Quotations About / On:
Children, dear and loving children, can alone console a woman for the loss of her beauty.
(Honoré De Balzac (1799-1850), French novelist. Mme. Gaston in a letter to Mme. De l'Estorade, in Letters of Two Brides (Mémoires de Deux Jeunes Mariées), in La Presse (1841-1842), Souverain (1842), included in the Scènes de la Vie Privée in the Comédie humaine (1845, trans. by George Saintsbury, 1971).)
Time, which alone makes the reputation of men, ends by making their defects respectable.
(Voltaire [François Marie Arouet] (1694-1778), French philosopher, author. "On Tragedy," letter 18, Letters on England (1732).)
Do you know what it's like to love and be alone?
(Abraham Polonsky (b. 1910), U.S. screenwriter, and Robert Rossen. Peg Born (Lilli Palmer), Body and Soul, to prize-fighter Charley Davis (John Garfield) on one of his infrequent visits (1947).)
I meddled in things that man must leave alone.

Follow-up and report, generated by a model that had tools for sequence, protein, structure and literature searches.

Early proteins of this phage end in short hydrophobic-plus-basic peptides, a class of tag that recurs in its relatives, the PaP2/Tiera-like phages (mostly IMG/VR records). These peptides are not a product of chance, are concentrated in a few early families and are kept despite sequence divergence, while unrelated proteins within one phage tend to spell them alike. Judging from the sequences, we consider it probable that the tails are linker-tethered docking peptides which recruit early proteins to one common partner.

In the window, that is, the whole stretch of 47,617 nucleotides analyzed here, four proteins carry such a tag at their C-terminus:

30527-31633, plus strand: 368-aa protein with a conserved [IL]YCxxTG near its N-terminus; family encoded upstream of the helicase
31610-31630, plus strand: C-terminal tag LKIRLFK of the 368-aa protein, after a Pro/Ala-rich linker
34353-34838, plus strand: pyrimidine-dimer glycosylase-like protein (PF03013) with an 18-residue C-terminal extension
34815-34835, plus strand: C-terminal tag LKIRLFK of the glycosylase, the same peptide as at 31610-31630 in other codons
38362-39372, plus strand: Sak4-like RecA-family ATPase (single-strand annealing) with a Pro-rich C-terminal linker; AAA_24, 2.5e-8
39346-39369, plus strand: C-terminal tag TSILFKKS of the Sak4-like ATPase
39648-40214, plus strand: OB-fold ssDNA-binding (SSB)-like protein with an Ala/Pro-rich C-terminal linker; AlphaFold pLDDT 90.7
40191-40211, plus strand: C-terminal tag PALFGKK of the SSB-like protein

(R.C. Sherriff (1896-1975), British screenwriter. James Whale. Jack Griffin (Claude Rains), The Invisible Man, as he lies dying (1933).
Full name Robert Cedric Sherriff.)
Change alone is unchanging.
(Heraclitus (c. 535-c. 475 B.C.), Greek philosopher. Herakleitos and Diogenes, pt. 1, fragment 23, trans. by Guy Davenport (1976).)
Other nations use "force"; we Britons alone use "Might."
(Evelyn Waugh (1903-1966), British novelist. Mr. Baldwin, in Scoop, bk. 2, ch. 5, sct. 1 (1938).)
Alone, I am drunk on my thoughts; in company, I am sober again.
(Mason Cooley (b. 1927), U.S. aphorist. City Aphorisms, Third Selection, New York (1986).)
It is critical vision alone which can mitigate the unimpeded operation of the automatic.
(Marshall McLuhan (1911-1980), Canadian communications theorist. "Magic that Changes Mood," The Mechanical Bride (1951).)
The strong man is strongest when alone.
(Friedrich Von Schiller (1759-1805), German dramatist, poet, historian. Tell, in Wilhelm Tell, act 1, sc. 3, trans. by Sir Thomas Martin.)
Let things alone; let them weigh what they will; let them soar or fall.
(Henry David Thoreau (1817-1862), U.S. philosopher, author, naturalist. Letter, April 3, 1850, to Harrison Blake, in The Writings of Henry David Thoreau, vol. 6, p. 177, Houghton Mifflin (1906).)